Luckily, they're starting to happen. Let's take a look at Missouri.
Did you hear that the US declared war on North Korea? If you've been reading a lot of major news outlets, you'd have every reason to believe so. However the real story--with all the context--paints a very different picture.
I've heard a few discussions that used the Overton Window as a theoretical tool to support certain ways of behaving politically. But do people really understand the Overton Window well enough to wield it wisely?
Political animosity in the US is probably at an all-time high. This isn't news.
Sadly, what is newsworthy is the fact that people are not only politicizing the hurricane, but discouraging helping the victims of it for political reasons. Harvey is something for which we should put our political differences aside, if only for a moment.
rump is a big fan of calling various news networks "fake news," especially when they report something about him he doesn't like, such as poll numbers. Having a president so antagonistic against the media is certainly new in American politics, even though yellow journalism has been a thing for years, and Republicans coined the term "liberal media" years ago.
A lot of people feel pretty strongly about their political opinions. Often we feel like they are quite set in stone; based on some very deep values that won't change much.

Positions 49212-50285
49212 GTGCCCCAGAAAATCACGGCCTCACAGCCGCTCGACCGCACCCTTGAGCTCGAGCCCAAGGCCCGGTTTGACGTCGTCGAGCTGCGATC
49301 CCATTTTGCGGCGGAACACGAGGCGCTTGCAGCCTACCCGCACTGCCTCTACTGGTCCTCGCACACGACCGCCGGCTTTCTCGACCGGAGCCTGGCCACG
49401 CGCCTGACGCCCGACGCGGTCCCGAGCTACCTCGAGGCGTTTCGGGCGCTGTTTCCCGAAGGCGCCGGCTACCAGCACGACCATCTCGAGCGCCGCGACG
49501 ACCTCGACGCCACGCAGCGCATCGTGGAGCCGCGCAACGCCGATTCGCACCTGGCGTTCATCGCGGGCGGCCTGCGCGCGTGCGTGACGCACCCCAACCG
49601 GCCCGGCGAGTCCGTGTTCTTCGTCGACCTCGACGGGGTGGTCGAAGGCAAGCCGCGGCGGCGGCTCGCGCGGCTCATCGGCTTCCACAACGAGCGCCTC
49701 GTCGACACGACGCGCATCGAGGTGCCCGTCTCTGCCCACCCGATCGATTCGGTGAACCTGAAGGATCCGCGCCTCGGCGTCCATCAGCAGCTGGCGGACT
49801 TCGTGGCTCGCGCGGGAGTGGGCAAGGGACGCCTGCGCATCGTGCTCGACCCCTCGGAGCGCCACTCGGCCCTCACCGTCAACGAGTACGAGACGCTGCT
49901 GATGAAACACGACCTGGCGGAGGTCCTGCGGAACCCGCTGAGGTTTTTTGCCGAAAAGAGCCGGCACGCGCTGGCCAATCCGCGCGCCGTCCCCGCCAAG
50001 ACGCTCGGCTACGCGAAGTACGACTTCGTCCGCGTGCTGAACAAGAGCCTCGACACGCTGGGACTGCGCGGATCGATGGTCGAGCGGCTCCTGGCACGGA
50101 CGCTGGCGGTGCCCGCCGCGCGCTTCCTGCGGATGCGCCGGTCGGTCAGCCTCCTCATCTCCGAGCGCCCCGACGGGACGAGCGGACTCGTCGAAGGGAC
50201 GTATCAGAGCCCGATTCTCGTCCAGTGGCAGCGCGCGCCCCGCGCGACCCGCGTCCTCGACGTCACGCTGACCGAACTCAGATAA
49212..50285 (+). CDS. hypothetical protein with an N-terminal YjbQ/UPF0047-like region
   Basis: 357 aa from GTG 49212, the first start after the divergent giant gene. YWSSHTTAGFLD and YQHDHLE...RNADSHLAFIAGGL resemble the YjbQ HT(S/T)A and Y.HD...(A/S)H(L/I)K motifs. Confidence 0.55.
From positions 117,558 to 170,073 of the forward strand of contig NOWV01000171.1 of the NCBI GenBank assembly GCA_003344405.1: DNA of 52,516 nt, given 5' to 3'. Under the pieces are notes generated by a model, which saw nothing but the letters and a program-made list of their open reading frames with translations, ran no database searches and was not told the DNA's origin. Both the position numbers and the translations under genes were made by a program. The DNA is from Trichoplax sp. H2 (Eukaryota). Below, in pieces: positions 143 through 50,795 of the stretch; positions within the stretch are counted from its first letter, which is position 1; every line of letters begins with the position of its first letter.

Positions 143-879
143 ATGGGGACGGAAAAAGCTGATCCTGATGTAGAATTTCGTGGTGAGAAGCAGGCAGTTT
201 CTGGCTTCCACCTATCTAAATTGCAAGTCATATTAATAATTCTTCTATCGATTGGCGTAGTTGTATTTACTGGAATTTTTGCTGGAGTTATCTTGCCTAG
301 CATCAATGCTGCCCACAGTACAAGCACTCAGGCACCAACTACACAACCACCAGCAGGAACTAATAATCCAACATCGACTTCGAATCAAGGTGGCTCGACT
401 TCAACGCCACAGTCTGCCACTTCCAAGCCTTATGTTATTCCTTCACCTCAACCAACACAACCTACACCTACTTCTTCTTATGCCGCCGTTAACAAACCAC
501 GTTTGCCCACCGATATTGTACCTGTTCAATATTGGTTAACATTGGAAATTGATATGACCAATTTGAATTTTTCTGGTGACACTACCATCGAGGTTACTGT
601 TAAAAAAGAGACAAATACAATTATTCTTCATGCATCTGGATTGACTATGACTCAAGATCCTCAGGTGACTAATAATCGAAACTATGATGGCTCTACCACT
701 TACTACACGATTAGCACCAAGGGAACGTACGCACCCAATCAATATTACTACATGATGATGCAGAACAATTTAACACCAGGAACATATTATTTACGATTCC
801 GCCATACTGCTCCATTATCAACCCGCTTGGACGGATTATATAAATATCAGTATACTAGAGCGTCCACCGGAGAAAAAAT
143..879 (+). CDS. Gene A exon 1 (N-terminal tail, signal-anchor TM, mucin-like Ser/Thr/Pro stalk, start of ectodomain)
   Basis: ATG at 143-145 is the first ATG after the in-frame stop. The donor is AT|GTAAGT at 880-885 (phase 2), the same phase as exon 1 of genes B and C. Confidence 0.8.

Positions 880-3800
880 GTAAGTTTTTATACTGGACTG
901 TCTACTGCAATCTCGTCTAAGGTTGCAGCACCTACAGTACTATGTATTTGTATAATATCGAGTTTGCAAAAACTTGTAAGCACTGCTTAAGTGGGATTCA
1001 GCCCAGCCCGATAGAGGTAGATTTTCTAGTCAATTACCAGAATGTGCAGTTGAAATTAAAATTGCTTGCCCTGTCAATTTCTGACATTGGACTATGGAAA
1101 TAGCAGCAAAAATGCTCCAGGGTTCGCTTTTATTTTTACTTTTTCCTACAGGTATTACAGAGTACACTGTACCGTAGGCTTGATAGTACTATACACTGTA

A lot of people also feel like their opinions are based on well-thought-out logic and reasoning, from gathering evidence.
However, there's substantial evidence to suggest that when another tribe's opinions solidify on an issue, our tribe runs away--and we join them. Our opinions on important issues are often fluid and fickle, changing with political wind more than sound thinking.
I got to meet Pat Caddell, who has worked in presidential offices and campaigns since the Carter Administration. He has done a combination of personal interviews, polling, and soul-searching to get a sense of why Trump won the election when, in his words, Trump had no real strategy, few solid positions, and very little in the way of a campaign at all.
The Alt-Right remains probably the least-understood political phenomenon on the United States right now. There is very little consensus about what they stand for, who is in it besides a few celebrities and internet trolls, how many they are, and how powerful they are.
I decided to do some research. I even spent time running around chat boards like Reddit and 4Chan, and reading Breitbart. Fair warning, I have no conclusive answers--but that, in itself, is a finding, suggesting that anyone who is telling you they know that the Alt-Right is such-and-such is probably full of it.
In the Atlantic’s April 2017 issue there is a powerful read called “Making Athens Great Again.” It recounts the faltering of Athens with the execution of Socrates then its renewal with Plato’s creation of the Academy. It discusses why a nation with a sense of exceptionalism must include self-criticism and self-questioning to be worthy of itself. It is an article recounting an ancient history that is still relevant.